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Divide and conquer: The authority of nature and why we disagree about human nature

In Elizabeth Hannon & Tim Lewens (eds.), Why We Disagree About Human Nature. Oxford: Oxford University Press. pp. 186-206 (2018)

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  1. Human Nature: The Very Idea.Tim Lewens - 2012 - Philosophy and Technology 25 (4):459-474.
    Abstract The only biologically respectable notion of human nature is an extremely permissive one that names the reliable dispositions of the human species as a whole. This conception offers no ethical guidance in debates over enhancement, and indeed it has the result that alterations to human nature have been commonplace in the history of our species. Aristotelian conceptions of species natures, which are currently fashionable in meta-ethics and applied ethics, have no basis in biological fact. Moreover, because our folk psychology (...)
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  • Being, humanity, and understanding: studies in ancient and modern societies.Geoffrey Ernest Richard Lloyd - 2012 - Oxford: Oxford University Press.
    Humanity between gods and beasts? -- Error -- Ancient understandings reassessed and the consequences for ontologies -- Language and audiences -- Philosophical implications.
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  • Life and action: elementary structures of practice and practical thought.Michael Thompson - 2008 - Cambridge, Mass.: Harvard University Press.
    Part I: The representation of life -- Can life be given a real definition? -- The representation of the living individual -- The representation of the life-form itself -- Part II: Naive action theory -- Types of practical explanation -- Naive explanation of action -- Action and time -- Part III: Practical generality -- Two tendencies in practical philosophy -- Practices and dispositions as sources of the goodness of individual actions -- Practice and disposition as sources of individual action.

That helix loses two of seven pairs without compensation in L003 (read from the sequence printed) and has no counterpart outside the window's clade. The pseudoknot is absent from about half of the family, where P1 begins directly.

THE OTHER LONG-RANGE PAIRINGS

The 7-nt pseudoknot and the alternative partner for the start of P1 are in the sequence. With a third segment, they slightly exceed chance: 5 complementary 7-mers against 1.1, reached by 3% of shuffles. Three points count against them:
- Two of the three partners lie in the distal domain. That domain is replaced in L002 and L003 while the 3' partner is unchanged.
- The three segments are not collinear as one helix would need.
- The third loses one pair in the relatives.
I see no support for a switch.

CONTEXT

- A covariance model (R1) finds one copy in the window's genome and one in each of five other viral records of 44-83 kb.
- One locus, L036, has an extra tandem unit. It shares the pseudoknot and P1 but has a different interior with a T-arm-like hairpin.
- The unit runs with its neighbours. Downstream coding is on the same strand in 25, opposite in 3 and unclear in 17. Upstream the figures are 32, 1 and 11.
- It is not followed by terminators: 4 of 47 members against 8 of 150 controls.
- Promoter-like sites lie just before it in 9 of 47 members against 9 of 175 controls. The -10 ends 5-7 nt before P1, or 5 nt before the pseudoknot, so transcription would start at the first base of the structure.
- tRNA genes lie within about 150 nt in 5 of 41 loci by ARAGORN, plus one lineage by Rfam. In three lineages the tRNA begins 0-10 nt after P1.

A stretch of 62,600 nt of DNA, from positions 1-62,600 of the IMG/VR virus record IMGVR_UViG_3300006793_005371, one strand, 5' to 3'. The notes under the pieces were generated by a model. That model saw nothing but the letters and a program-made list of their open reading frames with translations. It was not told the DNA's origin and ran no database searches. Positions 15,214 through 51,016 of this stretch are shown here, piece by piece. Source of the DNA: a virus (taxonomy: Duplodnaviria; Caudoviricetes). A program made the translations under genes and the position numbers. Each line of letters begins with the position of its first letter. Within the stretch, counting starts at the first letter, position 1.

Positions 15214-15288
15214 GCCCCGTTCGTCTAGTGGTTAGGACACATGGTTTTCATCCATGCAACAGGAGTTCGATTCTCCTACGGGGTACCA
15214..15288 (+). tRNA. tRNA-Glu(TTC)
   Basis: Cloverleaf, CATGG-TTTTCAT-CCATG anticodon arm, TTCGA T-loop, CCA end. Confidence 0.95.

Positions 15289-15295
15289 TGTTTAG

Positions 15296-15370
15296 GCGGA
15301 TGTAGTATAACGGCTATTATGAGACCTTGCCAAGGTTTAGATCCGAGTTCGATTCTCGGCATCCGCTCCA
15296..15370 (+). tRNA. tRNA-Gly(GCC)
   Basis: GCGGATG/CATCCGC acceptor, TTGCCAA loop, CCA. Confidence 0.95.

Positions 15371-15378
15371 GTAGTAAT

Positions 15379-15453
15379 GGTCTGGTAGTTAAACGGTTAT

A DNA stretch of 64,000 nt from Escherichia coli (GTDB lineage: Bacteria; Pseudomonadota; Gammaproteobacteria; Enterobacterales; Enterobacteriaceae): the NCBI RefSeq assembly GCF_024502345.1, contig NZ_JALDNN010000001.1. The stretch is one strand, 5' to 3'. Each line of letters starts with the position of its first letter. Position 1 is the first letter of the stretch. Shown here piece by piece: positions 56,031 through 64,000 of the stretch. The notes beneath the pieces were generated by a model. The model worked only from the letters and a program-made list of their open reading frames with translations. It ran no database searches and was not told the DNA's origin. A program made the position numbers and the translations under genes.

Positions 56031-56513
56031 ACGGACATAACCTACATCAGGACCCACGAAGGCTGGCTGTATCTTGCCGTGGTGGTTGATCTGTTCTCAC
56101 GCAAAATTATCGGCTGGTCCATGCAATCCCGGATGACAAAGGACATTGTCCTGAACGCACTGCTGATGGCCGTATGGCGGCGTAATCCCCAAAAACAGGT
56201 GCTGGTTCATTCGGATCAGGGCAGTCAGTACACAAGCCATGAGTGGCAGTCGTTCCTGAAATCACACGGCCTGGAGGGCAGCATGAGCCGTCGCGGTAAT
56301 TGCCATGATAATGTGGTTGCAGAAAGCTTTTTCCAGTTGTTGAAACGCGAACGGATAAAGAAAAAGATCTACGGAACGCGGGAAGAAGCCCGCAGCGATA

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  • The right to ignore: An epistemic defense of the nature/culture divide.Maria Kronfeldner - 2017 - In Joyce Richard (ed.), Handbook of Evolution and Philosophy. Routledge. pp. 210-224.
    This paper addresses whether the often-bemoaned loss of unity of knowledge about humans, which results from the disciplinary fragmentation of science, is something to be overcome. The fragmentation of being human rests on a couple of distinctions, such as the nature-culture divide. Since antiquity the distinction between nature (roughly, what we inherit biologically) and culture (roughly, what is acquired by social interaction) has been a commonplace in science and society. Recently, the nature/culture divide has come under attack in various ways, (...)